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For the TestDaF, I would suggest buying the Musterprüfungen... I bought them at Dussmann in Berlin but I think they also have them at Hugendubel and any other bookshop with a large Deutsch als Fremdsprache department. For the DSH, I didn't find the study guides as helpful because the books that I used for C1 and all of my B2 C1 classes had so many DSH-like activities. One series of books that I liked a lot was the Aspekte series-- some of the grammar tables are a bit confusing, but the level is quite good and the vocabulary covers a lot. The charts and redemittel in the back were very helpful for my test prep. I've also used the Schritte series, Lagune, and em neu, but found Aspekte to be the best. One book that I used a lot for grammar training just before the exam was Lerngrammatik zur Studienvorbereitung by Dorothea Stein-Bassler from Verlag Liebaug-Dartmann. Otherwise, there are so many DSH exams online that you can prepare pretty well without buying any books.

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Hi,I have a question and I really hope you can help me .. :( Today I held TestDaF here in Sofia, in the Goethe Institut. Everything was fine until the speaking part. When they put is in the rooms and places it was total chaos, and when we first pressed "record" and then "play" after a couple of seconds (we hadn't even said out our numbers) the personel told us something and i accidentally (I didn't think about it stupid me) paused the thing.. The exam part or even the instructions hadn't begun. But it was still recording. After like a minute i resumed it and then instructions, questions answers etc everything fluent. Do you think what happened will be a problem?? I am so scared :( ...

And also one more question, on the speaking again, I did not do very good at some questions (my time was not enough for example) but for example on the 6th which is hardest, i did a very good job. How do you think this will be graded? It is an old thread but if you answer me I will be sooooo grateful ... Thank you in advance!!

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libelle,

 

i'm not really sure what will happen with your speaking exam. at my exam they told us that if we were caught pressing the pause button, we would be thrown out, but you weren't, so that's probably a good sign. i can't really tell you anything about how you did; my only advice is to find something worthwhile to take up your time while you wait. in my case, i spent 7 weeks worrying that i didn't get a high enough score on the writing exam, which turned out to be true-- in the end it was just better to go ahead and make plans to take the test again so that when the results came in i already had a plan for what to do next. congratulations for getting this far and good luck!

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Wow! Congratulations, you manage yourself through all the heavy stuff!

 

Since you have all these experiences maybe you can give me a piece of advice, I finished B1 in Hartnackshule and now I need to take B2 and the DAF exam for the uni, my problem is that my deadline is in February and I don't know where I can do these in 2 months, do you think that is possible to pass the DAF test without doing B2 course and just taking classes for the DAF Test preparation? Where would you do it? I took the level test in deutsch akademie and they told me that I should do a gramatik kurs before moving on to B2 and I'm not sure what is the best to do for taking the DAF test.

 

Thank you!

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Don't skip B2. If you just passed B1 and your German grammar is weak, you most probably won't be able to meet the deadline. Even if you somehow managed to pass the exam, you won't be able to follow your courses (the semester starts in 3 months). I think it is possible to learn the material covered in A1 and A2 without attending a course, however, at the latest by B2 you really need a good teacher and feedback.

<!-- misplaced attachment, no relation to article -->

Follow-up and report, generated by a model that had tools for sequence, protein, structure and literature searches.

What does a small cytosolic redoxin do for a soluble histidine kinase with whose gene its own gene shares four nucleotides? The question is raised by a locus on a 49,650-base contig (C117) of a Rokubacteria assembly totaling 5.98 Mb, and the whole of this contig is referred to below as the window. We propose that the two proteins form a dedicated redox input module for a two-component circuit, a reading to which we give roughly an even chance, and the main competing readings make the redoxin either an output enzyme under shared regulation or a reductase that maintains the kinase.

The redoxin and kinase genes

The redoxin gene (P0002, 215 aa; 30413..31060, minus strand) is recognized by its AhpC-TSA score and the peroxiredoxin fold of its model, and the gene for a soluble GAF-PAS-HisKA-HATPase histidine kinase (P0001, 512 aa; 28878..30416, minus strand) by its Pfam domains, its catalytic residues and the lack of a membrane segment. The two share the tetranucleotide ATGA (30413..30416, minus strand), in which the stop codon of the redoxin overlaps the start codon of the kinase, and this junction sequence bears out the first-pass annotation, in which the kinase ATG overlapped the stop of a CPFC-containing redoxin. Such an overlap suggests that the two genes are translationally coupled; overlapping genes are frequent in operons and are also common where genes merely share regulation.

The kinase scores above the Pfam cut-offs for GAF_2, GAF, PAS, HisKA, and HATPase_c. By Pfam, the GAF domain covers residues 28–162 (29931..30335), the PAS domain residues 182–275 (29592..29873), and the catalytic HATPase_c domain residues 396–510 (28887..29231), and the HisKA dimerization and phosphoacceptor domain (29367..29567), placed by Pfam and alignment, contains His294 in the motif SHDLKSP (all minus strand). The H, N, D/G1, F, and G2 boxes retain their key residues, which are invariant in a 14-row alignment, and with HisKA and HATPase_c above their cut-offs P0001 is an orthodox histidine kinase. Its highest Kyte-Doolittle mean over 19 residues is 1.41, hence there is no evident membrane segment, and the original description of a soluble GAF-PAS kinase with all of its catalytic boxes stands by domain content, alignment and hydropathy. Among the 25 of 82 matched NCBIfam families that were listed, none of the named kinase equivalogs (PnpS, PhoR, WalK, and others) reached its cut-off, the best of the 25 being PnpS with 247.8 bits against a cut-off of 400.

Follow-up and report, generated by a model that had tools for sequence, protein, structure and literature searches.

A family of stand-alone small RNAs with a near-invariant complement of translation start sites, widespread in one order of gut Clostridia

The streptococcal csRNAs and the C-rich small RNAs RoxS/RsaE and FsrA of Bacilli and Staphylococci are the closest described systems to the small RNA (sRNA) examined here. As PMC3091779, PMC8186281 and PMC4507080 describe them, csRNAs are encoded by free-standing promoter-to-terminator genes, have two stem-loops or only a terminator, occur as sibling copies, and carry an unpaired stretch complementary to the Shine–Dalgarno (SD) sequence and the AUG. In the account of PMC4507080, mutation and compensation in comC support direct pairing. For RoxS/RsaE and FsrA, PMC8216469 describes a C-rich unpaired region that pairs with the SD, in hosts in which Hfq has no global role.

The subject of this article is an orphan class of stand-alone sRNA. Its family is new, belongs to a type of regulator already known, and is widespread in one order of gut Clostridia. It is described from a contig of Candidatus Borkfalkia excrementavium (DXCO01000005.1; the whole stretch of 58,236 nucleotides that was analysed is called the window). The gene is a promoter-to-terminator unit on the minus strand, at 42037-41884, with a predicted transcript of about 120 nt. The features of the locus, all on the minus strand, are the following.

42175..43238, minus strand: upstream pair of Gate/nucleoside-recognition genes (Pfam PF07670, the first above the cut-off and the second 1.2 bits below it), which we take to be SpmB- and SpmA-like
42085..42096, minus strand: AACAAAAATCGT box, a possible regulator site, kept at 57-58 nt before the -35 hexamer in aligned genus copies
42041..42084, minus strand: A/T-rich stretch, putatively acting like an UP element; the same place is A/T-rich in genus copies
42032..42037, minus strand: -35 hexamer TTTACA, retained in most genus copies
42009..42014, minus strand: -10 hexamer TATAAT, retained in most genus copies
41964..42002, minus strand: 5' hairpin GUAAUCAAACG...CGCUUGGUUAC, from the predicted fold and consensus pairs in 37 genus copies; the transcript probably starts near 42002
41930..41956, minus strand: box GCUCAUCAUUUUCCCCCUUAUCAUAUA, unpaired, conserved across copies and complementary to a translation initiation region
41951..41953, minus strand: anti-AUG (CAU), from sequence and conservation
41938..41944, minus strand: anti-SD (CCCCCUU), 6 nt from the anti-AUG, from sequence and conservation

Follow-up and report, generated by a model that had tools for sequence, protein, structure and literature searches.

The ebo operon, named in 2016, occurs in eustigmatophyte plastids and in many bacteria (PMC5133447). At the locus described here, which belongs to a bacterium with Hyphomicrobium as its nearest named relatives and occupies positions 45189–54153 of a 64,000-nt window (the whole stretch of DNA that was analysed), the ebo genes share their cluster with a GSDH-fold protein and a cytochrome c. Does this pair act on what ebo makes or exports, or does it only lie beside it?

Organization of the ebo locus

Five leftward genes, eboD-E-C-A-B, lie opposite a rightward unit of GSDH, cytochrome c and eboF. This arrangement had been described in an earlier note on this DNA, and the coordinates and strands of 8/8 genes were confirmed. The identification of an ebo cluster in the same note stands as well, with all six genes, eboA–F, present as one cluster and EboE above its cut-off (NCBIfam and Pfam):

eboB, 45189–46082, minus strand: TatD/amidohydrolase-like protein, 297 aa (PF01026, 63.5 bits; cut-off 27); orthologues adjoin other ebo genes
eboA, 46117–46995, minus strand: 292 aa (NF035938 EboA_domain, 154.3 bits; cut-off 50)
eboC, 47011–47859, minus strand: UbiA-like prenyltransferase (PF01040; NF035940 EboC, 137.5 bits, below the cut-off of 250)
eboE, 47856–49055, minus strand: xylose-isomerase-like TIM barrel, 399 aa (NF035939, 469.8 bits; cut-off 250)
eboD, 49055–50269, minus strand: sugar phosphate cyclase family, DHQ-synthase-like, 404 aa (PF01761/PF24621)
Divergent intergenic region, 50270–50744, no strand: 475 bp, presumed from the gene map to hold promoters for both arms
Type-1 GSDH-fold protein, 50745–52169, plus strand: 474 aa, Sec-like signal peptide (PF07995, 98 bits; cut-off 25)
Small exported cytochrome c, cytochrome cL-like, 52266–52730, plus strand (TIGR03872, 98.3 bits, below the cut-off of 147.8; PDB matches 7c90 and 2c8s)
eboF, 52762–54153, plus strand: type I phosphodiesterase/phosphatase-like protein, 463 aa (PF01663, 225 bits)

Take the latest grammar course, then the B2 course, and the DaF prep course.

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backpackrucksack, how were you able to work full time with the 4hr course each day?

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Would it be possible to study and learn enough german to be able to pass a TestDAF test by next July 15th(the deadline for applying to German universities)?

 

[adminmerge][/adminmerge]

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You could, but it would be a real challege to learn to write well at an academic level in that interval (perhaps also to read due to the vocabulary).

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Thanks backpackrucksack! That was really, really helpful. I am also on my journey, starting (and currently) at a VHS, and I'm hoping to enroll in intensive courses in preparation for Uni studies in Gießen next spring. So I need to figure out which exam to take, when, and what I need to do to pass it. Thanks for the input, folks!

 

Sarah

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If you want to be well prepared for the exam, you have to have good books. The best help I got was from the DaF Begleiter C1: it is good for the TestDaF as well as DSH. Check it out here: http://www.lindnerverlag.eu/. :)

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Thank you for this list of interesting extra books.

 

I came in last night from my C2 German pretty depressed, feeling an idiot and too old to be learning the language at 49. Then I remembered I'm sort of higher level than when I came here 15 years ago, and if I can gain some kind of overview of the advanced courses, I might gauge how much I already know. So has anyone done such an overview?

 

Here is my toungue-in-cheek outline of learning the language:

 

1. Beginner - "bakery German" "Ich möchte ein Semmel bitte". Basic everyday stuff everyone needs here.

2. Intermediate - everything with an umlaut - simply the ability to express abstract stuff with the Konjunktiv II which I think is pretty cool. "Hätte ich Geld, dann wäre ich reich" etc.

3. Advanced - this is where I'm stuck. I have no overview.

 

So for those who have already DAF'd, how did you do it?

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For 3. Advanced I'd suggest "posh newspaper" German. Gotta love all those adjectival phrases and all the subjunctive you could ever wish for.

 

I'm in a similar situation to you -- an oldie (wrong side of 50) just about to start a C2 course. I did C1 over 15 years ago so no idea how I'll take to studying again after such a long break. I'll let you know how I did it if I actually succeed :)